JoVE Visualize What is visualize?
Stop Reading. Start Watching.
Advanced Search
Stop Reading. Start Watching.
Regular Search
Find video protocols related to scientific articles indexed in Pubmed.
Systems metabolic engineering of Escherichia coli for gram scale production of the antitumor drug deoxyviolacein from glycerol.
Biotechnol. Bioeng.
PUBLISHED: 03-17-2014
Show Abstract
Hide Abstract
Deoxyviolacein is a microbial drug with biological activity against tumors, gram-positive bacteria, and fungal plant pathogens. Here, we describe an Escherichia coli strain for heterologous production of this high-value drug from glycerol. Plasmid-based expression of the deoxyviolacein cluster vioABCE was controlled by the araBAD promoter and induction by L-arabinose. Through elimination of L-arabinose catabolism in E. coli, the pentose sugar could be fully directed to induction of deoxyviolacein biosynthesis and was no longer metabolized, as verified by (13) C isotope experiments. Deletion of the araBAD genes beneficially complemented with previously described (i) engineering of the pentose phosphate pathway, (ii) chorismate biosynthesis, (iii) tryptophan biosynthesis, (iv) improved supply of L-serine, (v) elimination of tryptophan repression, and (vi) of tryptophan catabolism. Subsequent screening of the created next-generation producer E. coli dVio-8 identified glycerol as optimum carbon source and a level of 100?mg?L(-1) of L-arabinose as optimum for induction. Transferred to a glycerol-based fed-batch process, E. coli dVio-8 surpassed the gram scale and produced 1.6?g?L(-1) deoxyviolacein. With straightforward extraction from culture broth and purification by flash chromatography, deoxyviolacein was obtained at >99.5% purity. Biotechnol. Bioeng. 2014;111: 2280-2289. © 2014 Wiley Periodicals, Inc.
Related JoVE Video
Endo- and exoglucanase activities in bacteria from mangrove sediment.
Braz. J. Microbiol.
PUBLISHED: 01-15-2014
Show Abstract
Hide Abstract
The mangrove ecosystem is an unexplored source for biotechnological applications. In this unique environment, endemic bacteria have the ability to thrive in the harsh environmental conditions (salinity and anaerobiosis), and act in the degradation of organic matter, promoting nutrient cycles. Thus, this study aimed to assess the cellulolytic activities of bacterial groups present in the sediment from a mangrove located in Ilha do Cardoso (SP, Brazil). To optimize the isolation of cellulolytic bacteria, enrichments in two types of culture media (tryptone broth and minimum salt medium), both supplemented with 5% NaCl and 1% of cellulose, were performed. Tests conducted with the obtained colonies showed a higher occurrence of endoglycolytic activity (33 isolates) than exoglycolytic (19 isolates), and the degradation activity was shown to be modulated by the presence of NaCl. The isolated bacteria were clustered by BOX-PCR and further classified on the basis of partial 16S rRNA sequences as Alphaproteobacteria, Gammaproteobacteria, Actinobacteria, Firmicutes or Bacteroidetes. Therefore, this study highlights the importance of studies focusing on the endemic species found in mangroves to exploit them as novel biotechnological tools for the degradation of cellulose.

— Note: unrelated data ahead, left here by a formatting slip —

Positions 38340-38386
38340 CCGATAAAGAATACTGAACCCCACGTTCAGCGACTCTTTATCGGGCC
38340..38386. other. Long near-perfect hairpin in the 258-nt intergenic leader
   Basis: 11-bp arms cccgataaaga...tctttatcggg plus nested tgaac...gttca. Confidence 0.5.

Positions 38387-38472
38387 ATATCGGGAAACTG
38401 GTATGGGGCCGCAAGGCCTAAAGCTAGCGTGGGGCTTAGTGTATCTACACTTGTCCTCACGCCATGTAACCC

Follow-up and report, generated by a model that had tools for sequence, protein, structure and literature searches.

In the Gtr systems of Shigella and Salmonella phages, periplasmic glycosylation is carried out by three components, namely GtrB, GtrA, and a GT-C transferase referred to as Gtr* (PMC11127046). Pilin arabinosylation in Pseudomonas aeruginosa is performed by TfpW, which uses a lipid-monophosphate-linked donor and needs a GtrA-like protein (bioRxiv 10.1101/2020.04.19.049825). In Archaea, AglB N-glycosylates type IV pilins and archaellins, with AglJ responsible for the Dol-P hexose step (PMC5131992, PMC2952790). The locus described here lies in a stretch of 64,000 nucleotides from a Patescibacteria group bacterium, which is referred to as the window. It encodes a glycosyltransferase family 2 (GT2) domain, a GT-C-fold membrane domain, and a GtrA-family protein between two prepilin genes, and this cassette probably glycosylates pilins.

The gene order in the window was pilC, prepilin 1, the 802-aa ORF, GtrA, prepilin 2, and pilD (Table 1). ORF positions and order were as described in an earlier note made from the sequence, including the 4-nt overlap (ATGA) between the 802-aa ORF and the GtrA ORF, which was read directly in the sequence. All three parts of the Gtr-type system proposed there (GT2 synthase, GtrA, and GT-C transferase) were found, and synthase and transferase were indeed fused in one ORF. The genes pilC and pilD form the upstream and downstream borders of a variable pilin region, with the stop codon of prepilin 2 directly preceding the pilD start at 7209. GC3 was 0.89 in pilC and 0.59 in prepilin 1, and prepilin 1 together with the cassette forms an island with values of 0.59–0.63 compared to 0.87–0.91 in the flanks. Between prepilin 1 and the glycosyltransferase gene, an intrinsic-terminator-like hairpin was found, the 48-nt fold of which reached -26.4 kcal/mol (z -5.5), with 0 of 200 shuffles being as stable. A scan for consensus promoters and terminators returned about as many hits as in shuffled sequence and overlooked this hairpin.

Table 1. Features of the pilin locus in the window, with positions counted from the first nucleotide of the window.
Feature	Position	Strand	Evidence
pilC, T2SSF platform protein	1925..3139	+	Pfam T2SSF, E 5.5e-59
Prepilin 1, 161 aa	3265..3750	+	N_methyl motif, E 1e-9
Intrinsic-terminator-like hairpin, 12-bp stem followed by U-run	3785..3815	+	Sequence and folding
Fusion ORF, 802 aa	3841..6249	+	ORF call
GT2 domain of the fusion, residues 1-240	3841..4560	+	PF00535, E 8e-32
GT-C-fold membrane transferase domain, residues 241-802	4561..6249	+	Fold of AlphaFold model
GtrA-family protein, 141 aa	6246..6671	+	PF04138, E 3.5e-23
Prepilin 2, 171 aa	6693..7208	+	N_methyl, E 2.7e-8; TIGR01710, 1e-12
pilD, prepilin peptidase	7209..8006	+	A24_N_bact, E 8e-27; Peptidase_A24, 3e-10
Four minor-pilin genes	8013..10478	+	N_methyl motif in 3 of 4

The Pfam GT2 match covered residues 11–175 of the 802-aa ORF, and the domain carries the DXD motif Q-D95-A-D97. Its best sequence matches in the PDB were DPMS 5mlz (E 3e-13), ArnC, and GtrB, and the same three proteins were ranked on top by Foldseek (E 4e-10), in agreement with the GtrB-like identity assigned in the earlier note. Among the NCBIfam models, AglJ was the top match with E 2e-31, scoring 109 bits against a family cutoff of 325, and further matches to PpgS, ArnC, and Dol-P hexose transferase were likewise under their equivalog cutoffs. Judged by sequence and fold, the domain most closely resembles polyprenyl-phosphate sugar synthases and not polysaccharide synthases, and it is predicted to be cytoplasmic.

Related JoVE Video
Draft Genome Sequence of Methylobacterium mesophilicum Strain SR1.6/6, Isolated from Citrus sinensis.
Genome Announc
PUBLISHED: 06-22-2013
Show Abstract
Hide Abstract
Methylobacterium mesophilicum strain SR1.6/6 is an endophytic bacterium isolated from a surface-sterilized Citrus sinensis branch. Ecological and biotechnological aspects of this bacterium, such as the genes involved in its association with the host plant and the primary oxidation of methanol, were annotated in the draft genome.
Related JoVE Video
Draft Genome Sequence of Bacillus stratosphericus LAMA 585, Isolated from the Atlantic Deep Sea.
Genome Announc
PUBLISHED: 05-04-2013
Show Abstract
Hide Abstract